Reading Horror as a Kid

I’m almost finished watching Stranger Things. I have a lot to say about it and I’ve enjoyed it quite a bit so far. If you were ever curious what I was like as a kid, just watch the show. But make the characters horribly shy and mean. 

I’m going to write a pretty long 2-3k word piece on it later in the week. So if you want to read that sort of thing, keep an eye out. 

There’s a scene in the show where a character is reading a copy of Stephen King’s Cujo. It reminded me of all the hours I spent devouring King’s books. For me, they were powerful talismans. The covers were so esoteric and creepy, especially during the Satanic Panic of the 80s. I remember reading The Stand in 4th grade and a kid called me a Satanic faggot. 

I tried to ignore him, but he kept asking me if I worshipped the devil. I already liked heavy metal and didn’t go to church, so I said “yes.”  He shut up and that was the end of it.

At that moment I realized how much power there was in horror. People were really scared of it, especially the dumb ones. 

I’ve never been scared of these stories. They never got creepy enough for me and I never got frightened. I loved the monsters. I loved learning the rules of the paranormal universes. The metaphysics of terror have always been my thing. 

Stephen King has always been the best to me. I’ve read a lot of the other writers of his era, but I don’t think anyone was as consistently good. There are writers with more extreme ideas, but King masters the normal. His cul de sacs and rusty cars were so real to me.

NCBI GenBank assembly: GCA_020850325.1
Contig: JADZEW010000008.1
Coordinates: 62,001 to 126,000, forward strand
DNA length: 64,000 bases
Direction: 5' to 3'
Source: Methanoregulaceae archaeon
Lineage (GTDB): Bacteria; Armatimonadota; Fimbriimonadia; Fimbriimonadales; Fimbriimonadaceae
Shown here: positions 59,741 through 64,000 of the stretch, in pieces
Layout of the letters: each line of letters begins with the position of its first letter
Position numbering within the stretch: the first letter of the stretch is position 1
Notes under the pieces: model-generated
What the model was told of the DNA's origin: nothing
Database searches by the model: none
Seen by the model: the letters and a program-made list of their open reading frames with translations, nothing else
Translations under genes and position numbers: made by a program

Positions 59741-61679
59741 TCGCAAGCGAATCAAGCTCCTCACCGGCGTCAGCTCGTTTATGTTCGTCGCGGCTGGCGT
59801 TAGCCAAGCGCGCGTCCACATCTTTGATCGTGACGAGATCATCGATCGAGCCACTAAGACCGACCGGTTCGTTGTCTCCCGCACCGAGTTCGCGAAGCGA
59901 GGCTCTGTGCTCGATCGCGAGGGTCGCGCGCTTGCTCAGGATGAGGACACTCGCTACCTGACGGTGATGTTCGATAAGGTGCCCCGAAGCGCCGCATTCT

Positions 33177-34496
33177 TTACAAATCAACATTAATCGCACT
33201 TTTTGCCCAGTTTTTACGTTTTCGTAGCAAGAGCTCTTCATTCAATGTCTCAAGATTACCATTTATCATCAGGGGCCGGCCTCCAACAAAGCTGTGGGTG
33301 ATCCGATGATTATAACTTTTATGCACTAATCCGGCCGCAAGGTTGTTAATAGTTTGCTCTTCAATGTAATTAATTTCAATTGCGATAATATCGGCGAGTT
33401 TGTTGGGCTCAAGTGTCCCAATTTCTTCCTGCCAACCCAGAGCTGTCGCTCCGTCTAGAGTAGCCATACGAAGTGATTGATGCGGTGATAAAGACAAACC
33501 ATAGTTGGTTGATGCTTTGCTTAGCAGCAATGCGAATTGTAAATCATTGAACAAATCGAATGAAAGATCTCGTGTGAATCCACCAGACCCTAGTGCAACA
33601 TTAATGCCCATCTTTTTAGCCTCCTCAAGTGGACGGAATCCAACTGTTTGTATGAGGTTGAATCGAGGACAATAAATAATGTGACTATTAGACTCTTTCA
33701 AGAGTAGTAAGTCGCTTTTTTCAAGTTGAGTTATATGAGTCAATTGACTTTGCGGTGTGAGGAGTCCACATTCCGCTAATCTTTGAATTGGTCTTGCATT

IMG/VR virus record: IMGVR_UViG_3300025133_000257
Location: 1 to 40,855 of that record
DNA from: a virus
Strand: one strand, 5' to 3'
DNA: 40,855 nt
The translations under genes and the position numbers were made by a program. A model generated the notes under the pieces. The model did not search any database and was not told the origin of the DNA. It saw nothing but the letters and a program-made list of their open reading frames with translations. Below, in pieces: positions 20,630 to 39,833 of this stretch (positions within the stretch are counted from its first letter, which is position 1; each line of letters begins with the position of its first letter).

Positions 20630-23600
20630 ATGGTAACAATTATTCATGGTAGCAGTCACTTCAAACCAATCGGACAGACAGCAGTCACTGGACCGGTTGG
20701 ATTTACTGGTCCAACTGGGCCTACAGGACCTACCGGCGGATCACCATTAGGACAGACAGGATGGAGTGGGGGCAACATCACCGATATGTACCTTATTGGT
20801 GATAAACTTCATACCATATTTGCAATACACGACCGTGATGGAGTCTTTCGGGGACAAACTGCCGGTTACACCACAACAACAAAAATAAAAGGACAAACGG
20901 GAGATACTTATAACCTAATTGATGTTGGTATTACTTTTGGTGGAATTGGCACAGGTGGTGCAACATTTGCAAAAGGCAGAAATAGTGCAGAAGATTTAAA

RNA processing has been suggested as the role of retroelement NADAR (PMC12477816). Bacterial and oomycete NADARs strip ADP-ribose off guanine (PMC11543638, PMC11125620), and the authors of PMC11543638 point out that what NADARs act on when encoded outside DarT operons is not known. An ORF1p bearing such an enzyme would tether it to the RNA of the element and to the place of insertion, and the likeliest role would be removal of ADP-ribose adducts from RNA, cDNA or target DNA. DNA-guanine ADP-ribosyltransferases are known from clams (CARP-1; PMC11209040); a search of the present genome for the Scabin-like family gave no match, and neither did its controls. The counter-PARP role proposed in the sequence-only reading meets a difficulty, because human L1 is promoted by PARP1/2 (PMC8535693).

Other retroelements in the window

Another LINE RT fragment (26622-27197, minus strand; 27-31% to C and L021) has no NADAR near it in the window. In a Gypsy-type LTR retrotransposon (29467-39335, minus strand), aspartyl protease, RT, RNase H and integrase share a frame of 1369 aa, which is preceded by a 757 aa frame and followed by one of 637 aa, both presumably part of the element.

His book On Writing is my favorite about the craft of being an author. The way he describes whether or not a person is a “real” writer is that if a person wrote something, got paid to write it, and paid a bill with that money, then they are legit. This was really important for me. It gave me permission to think of myself as a writer. And once that happened, I was able to make something of a career of it. 

Before the summer is done, I want to finally read The Dark Tower series. But right now there’s a copy of Cujo sitting on the book share shelf at work. I’ll start that Monday. 


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